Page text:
Do you only pay for things after reaching for your wallet? Countless companies are trying to change that.
For years individuals have been wondering what the next step in innovation is for Apple (NASDAQ:AAPL), and if recent reports are any indication, expansion into mobile payments could its biggest move. This follows the news from last week Facebook (NASDAQ:FB) was weeks from receiving approval from regulators in Ireland to begin its mobile payments expansion
In January, the Wall Street Journal reported Apple had begun efforts to lay the "groundwork for an expanded mobile-payments service, leveraging its growing base of iPhone and iPad users and the hundreds of millions of credit cards on file through its iTunes stores."
This news came just two week after the U.S. Patent and Trademark Office revealed Apple had filed a patent which was a "method to send payment data through various air interfaces without compromising user data."
Three days after the WSJ report on Apple's conference call discussing the most recently quarter earnings -- when the company reported a staggering $13.1 billion in net income -- Apple's CEO Tim Cook said in regards to opportunities in mobile payments:
"The mobile payments area in general is one that we've been intrigued with, and that was one of the thoughts behind Touch ID... I don't have anything specific to announce today, but you can tell by looking at the demographics of our customers and the amount of commerce that goes through iOS devices versus the competition that it's a big opportunity on the platform."
Earlier this week was reported "Apple has been interviewing senior payments industry executives to push ahead on a plan to build an electronic payments business, according to two people familiar with the process," by Re/code, a news and analysis site focusing on the technology industry.
Through the first four months of 2014, seemingly not a week passes without further news suggesting Apple is one step closer to mobile payments.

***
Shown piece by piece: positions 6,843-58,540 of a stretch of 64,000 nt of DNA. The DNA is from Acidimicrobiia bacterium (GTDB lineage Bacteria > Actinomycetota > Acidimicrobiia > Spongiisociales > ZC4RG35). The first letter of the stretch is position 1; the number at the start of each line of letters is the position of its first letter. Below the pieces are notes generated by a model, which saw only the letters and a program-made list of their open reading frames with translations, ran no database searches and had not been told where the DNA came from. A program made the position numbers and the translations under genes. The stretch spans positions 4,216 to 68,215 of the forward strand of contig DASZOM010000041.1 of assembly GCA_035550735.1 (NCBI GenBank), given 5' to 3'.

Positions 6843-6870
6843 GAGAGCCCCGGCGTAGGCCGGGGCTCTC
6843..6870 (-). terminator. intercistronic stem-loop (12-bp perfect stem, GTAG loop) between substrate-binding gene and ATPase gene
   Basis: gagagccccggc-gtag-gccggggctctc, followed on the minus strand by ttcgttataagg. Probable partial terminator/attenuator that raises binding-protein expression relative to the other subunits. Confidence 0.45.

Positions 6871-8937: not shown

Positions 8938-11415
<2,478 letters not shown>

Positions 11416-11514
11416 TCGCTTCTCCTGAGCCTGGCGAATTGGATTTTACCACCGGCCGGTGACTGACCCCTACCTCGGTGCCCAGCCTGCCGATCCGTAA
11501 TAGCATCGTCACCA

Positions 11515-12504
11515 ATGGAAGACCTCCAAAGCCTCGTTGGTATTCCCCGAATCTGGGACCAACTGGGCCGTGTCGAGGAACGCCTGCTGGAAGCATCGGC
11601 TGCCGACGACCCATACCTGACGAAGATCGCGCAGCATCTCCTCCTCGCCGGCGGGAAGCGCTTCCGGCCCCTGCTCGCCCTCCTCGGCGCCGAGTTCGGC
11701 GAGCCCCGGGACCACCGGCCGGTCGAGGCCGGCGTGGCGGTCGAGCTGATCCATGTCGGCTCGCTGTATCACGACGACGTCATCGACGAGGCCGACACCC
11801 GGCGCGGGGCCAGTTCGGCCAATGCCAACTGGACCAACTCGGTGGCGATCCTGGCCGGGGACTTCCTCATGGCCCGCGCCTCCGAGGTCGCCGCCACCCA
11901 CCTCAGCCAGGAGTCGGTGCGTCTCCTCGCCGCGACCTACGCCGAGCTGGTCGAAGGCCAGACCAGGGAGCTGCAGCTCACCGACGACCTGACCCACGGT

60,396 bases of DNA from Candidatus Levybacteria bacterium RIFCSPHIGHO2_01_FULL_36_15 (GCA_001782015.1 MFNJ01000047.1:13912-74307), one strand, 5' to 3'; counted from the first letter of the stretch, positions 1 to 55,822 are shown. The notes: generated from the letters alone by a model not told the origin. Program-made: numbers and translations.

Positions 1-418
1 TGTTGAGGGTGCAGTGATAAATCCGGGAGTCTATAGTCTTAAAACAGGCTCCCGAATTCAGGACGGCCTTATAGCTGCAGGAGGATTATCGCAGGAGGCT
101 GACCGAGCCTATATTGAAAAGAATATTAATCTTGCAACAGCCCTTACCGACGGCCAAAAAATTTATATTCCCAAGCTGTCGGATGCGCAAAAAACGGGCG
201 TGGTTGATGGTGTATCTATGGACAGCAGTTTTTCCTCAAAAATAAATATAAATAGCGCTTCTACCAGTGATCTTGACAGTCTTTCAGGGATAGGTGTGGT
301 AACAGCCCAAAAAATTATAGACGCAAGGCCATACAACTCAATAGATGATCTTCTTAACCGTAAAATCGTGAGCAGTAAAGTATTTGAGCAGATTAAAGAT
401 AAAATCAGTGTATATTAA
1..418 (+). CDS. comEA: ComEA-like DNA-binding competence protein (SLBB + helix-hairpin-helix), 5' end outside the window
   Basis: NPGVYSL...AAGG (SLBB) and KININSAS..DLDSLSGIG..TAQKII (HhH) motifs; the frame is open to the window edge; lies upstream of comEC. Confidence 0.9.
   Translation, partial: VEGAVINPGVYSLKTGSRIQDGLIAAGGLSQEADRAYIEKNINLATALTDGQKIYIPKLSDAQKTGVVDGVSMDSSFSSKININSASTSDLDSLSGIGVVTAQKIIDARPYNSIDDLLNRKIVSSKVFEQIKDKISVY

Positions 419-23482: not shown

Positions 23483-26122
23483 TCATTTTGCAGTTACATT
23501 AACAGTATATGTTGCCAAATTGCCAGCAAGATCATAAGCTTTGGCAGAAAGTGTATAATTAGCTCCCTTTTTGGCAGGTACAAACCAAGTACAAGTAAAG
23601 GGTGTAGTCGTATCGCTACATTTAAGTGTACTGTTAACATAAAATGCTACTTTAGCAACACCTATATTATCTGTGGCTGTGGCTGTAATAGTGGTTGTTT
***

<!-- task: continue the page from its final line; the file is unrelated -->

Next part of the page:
The question surrounding mobile payments
While consumers are becoming more and more comfortable in using their smart phones, adoption of mobile payments has been slower than many have anticipated.
The consultancy McKinsey noted in a recent study, "despite the launch (and relaunch) of dozens of applications with various added benefits beyond simply "paying with your phone," consumers are not yet broadly using these applications, and they are certainly not leaving their physical wallets at home."
This was the result from the fragmented nature of the industry, but more importantly, consumer's immense amount of concern surrounding the security of their personal and payment information. It is easy to believe this concern from consumers may be devastating for Facebook, as a result of the skepticism many already hold toward it regarding their personal information. Yet at the same time, this could be the exact thing Apple needs to succeed.
Optimism for Apple
Apple is estimated to have more than 600 million users with stored credit card information. Such an eye-opening figure reveals that people are truly comfortable with the Apple keeping their precious information secure. In addition, technology like the finger-print access utilized by the iPhone 5s gives many another sense of assurance.
All of this even fails to mention the reality that Apple already has its featured Passbook App, allowing users to store not only payment information but also things like airline tickets.
When you combine the innovative nature of Apple, consumer's existing trust in its security, and its massive user base, one has to believe its journey into mobile payments will be one met with great success.